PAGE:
If you have an IRA, you will be able to make your 1997 contribution as late as April 15 next year, just as you always could. My advice: do this as soon as you can. The earlier you fund any kind of IRA, the longer your money has to work for you.

For your 1998 contribution, and from then on, you will have a choice: Continue with your old IRA, as before, or set up a new one, called a Roth IRA, after William Roth, the senior senator from Delaware, who hatched it. In that case, the old one would continue to grow, but from then on you could split your maximum $2,000 contribution each year over the two of them any way you wanted.

If you have no IRA currently, this is a good time to consider whether you should start one — of either variety. (Or perhaps start yet another new kind of IRA, the education IRA, where the “R” stands not for retirement but for Education. But the limits and laws on that are independent of those for the two retirement IRAs, so let’s just ignore that for now.) Both are great, and there’s no telling for sure which will be better for most people, so don’t let indecision keep you from contributing to one of them. The examples that follow should give you a pretty good idea how to think about this.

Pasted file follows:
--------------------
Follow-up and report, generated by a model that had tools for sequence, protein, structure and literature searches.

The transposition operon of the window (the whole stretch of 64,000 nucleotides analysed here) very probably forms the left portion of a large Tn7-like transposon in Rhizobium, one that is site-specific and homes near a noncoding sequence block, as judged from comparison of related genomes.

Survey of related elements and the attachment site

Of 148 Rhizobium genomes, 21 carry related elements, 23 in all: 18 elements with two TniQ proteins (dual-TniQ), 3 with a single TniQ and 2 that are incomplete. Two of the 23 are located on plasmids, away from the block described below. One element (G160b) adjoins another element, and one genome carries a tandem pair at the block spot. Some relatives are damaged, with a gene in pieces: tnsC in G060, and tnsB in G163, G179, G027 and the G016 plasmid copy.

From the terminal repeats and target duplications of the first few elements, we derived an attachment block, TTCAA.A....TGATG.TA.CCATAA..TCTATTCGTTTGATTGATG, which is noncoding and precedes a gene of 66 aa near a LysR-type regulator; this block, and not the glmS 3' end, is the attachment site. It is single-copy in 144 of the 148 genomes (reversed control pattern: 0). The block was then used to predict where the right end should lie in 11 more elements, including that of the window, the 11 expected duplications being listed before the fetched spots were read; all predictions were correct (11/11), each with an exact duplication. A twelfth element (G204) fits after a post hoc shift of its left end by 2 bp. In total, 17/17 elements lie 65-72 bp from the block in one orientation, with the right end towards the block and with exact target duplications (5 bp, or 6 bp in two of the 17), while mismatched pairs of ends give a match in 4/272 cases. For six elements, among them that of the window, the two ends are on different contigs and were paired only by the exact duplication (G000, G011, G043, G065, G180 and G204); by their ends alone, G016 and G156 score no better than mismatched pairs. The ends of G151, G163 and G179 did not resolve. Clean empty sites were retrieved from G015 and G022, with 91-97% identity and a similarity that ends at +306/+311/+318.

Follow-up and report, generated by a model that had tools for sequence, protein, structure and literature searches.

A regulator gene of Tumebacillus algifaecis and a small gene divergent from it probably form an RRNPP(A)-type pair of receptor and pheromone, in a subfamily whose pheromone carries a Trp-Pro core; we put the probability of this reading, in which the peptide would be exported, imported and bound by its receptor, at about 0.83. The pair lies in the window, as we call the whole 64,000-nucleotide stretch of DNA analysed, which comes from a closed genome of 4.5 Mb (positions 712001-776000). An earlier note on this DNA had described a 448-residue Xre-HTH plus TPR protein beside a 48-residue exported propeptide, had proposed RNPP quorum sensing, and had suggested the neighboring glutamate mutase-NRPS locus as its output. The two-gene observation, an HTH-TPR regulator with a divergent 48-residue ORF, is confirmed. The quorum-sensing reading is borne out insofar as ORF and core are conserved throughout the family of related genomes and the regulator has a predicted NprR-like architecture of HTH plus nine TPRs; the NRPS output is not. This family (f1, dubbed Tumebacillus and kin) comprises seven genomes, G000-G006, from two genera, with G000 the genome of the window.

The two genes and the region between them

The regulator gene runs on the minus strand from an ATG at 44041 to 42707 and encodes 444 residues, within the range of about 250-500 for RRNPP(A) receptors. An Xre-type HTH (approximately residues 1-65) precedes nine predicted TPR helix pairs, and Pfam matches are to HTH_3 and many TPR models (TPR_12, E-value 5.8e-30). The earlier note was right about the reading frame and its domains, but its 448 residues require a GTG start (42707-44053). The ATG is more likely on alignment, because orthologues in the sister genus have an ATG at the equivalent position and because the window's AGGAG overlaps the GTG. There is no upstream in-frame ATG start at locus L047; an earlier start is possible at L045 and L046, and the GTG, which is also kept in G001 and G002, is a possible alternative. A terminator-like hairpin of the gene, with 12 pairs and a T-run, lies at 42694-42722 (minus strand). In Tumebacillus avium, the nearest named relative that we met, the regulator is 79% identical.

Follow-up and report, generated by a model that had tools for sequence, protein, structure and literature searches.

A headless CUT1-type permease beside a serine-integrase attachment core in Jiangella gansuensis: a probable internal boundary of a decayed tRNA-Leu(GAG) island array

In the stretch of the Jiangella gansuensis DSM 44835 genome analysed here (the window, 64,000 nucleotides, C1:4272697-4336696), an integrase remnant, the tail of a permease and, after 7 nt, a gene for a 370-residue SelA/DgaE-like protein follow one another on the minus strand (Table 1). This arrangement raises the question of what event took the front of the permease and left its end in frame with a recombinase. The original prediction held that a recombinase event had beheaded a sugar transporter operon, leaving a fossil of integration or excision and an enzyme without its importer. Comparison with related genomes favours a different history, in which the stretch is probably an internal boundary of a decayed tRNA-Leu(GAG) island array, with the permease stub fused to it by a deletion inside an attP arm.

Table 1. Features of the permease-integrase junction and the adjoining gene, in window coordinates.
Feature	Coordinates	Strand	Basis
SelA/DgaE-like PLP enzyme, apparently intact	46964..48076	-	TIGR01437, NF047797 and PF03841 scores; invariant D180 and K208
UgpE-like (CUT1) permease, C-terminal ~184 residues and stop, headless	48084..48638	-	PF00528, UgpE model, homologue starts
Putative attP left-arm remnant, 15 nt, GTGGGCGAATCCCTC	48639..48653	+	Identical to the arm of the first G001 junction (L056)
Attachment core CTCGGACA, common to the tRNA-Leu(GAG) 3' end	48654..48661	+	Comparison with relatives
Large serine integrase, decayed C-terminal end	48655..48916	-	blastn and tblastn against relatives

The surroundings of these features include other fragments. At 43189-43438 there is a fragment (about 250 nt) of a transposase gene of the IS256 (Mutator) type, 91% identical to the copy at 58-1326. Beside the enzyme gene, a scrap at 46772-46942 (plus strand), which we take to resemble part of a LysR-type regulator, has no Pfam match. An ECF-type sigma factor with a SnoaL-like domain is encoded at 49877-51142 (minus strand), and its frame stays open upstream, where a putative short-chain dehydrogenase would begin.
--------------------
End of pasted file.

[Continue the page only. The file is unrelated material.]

The basic difference between the traditional IRA and the new Roth IRA is simple. With the traditional IRA, you get a tax break for your contribution today, but pay taxes on everything you withdraw. With the Roth IRA, you get no tax break now, but so long as it’s been in existence for at least 5 years, every penny you withdraw after age 59-1/2 (and even before 59-1/2 in limited circumstances, such as purchase of a first home) will be tax-free.

Advantages of the Roth IRA:

  • Withdrawals are completely tax-free.
  • Easier to qualify to contribute to it (see tomorrow’s comment: Who Qualifies).